August 28, 2019
By Rich McKay
(Reuters) - U.S. authorities are investigating suspicious deaths at a veterans hospital in West Virginia, the Veterans Affairs department said on Tuesday, and a U.S. senator said the probe may involve up to 11 deaths.
Senator Joe Manchin, a West Virginia Democrat, said there was a "person of interest" in the investigation of as many as 11 deaths, and that VA officials assured him this person "is no longer in contact with veterans at the VA facility."
"These crimes shock the conscience and I'm still appalled they were not only committed but that our veterans, who have sacrificed so much for our country, were the victims," Manchin said.
A hospital spokesman, Wesley Walls, confirmed on Wednesday the allegations "do not involve any current Louis A. Johnson VA Medical Center employees," and that "safeguards" to ensure patient safety have since been implemented.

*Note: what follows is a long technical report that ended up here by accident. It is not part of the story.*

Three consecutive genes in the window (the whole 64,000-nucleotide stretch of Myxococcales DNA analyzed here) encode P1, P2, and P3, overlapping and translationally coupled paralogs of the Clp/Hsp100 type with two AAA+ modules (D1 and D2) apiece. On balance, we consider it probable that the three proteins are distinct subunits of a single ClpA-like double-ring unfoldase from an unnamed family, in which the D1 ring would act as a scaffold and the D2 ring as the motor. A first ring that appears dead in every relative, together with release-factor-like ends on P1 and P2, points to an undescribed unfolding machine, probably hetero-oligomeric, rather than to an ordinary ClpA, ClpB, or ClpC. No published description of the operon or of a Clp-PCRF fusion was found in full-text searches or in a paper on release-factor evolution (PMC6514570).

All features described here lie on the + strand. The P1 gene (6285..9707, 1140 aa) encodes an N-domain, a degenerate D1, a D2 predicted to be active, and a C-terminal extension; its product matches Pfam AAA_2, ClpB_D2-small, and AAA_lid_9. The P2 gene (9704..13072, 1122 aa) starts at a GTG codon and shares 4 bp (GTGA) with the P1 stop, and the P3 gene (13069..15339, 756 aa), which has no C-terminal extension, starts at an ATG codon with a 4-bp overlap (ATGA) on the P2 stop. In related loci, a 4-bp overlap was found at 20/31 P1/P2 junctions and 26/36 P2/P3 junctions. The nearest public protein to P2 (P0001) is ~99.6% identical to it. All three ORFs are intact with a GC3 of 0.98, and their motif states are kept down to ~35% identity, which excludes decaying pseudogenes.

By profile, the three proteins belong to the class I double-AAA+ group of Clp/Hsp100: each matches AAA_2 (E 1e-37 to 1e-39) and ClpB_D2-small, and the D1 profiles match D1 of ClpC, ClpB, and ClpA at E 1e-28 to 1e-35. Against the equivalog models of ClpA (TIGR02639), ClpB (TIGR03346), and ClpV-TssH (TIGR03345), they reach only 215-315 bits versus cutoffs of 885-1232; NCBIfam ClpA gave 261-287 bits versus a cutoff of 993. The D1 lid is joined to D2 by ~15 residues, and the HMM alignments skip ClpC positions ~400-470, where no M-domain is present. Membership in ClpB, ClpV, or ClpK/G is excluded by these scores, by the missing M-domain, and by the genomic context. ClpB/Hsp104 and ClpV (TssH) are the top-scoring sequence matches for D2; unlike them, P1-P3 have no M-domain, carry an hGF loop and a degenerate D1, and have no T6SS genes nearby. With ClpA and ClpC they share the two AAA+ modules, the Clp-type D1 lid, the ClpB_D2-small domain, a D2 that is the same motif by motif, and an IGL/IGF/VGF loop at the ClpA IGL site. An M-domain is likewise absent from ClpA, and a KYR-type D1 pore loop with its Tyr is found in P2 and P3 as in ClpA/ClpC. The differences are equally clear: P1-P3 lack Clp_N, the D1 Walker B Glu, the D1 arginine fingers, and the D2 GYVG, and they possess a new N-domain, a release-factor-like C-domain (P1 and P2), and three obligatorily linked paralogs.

The facility contacted the VA inspector general when it learned of the allegations, and notified Manchin's staff and the staffs of other lawmakers a year ago, Walls said in an email.
In a statement, VA Inspector General Michael Missal said: "The Department of Veterans Affairs Office of Inspector General has been working with our federal law enforcement partners to investigate the allegations of potential wrongdoing resulting in patient deaths."
The VA Secretary's office did not respond to a Reuters email seeking comment.
USA Today said a federal medical examiner had conducted an autopsy on the exhumed body of Felix Kirk McDermott. The 82-year-old man died last year from an insulin injection into his abdomen - which can be lethal to someone who is not a diabetic, the newspaper said.
McDermott suffered from a number of ailments, including dementia and heart disease, and was admitted to the hospital with pneumonia, the paper said, adding his condition had been improving at the time of his death.
His death certificate now lists his cause of death as a homicide, USA Today and other media reported.
"It's not right," Melanie Proctor, McDermott's daughter, told USA Today. "I thought my dad was safe there."
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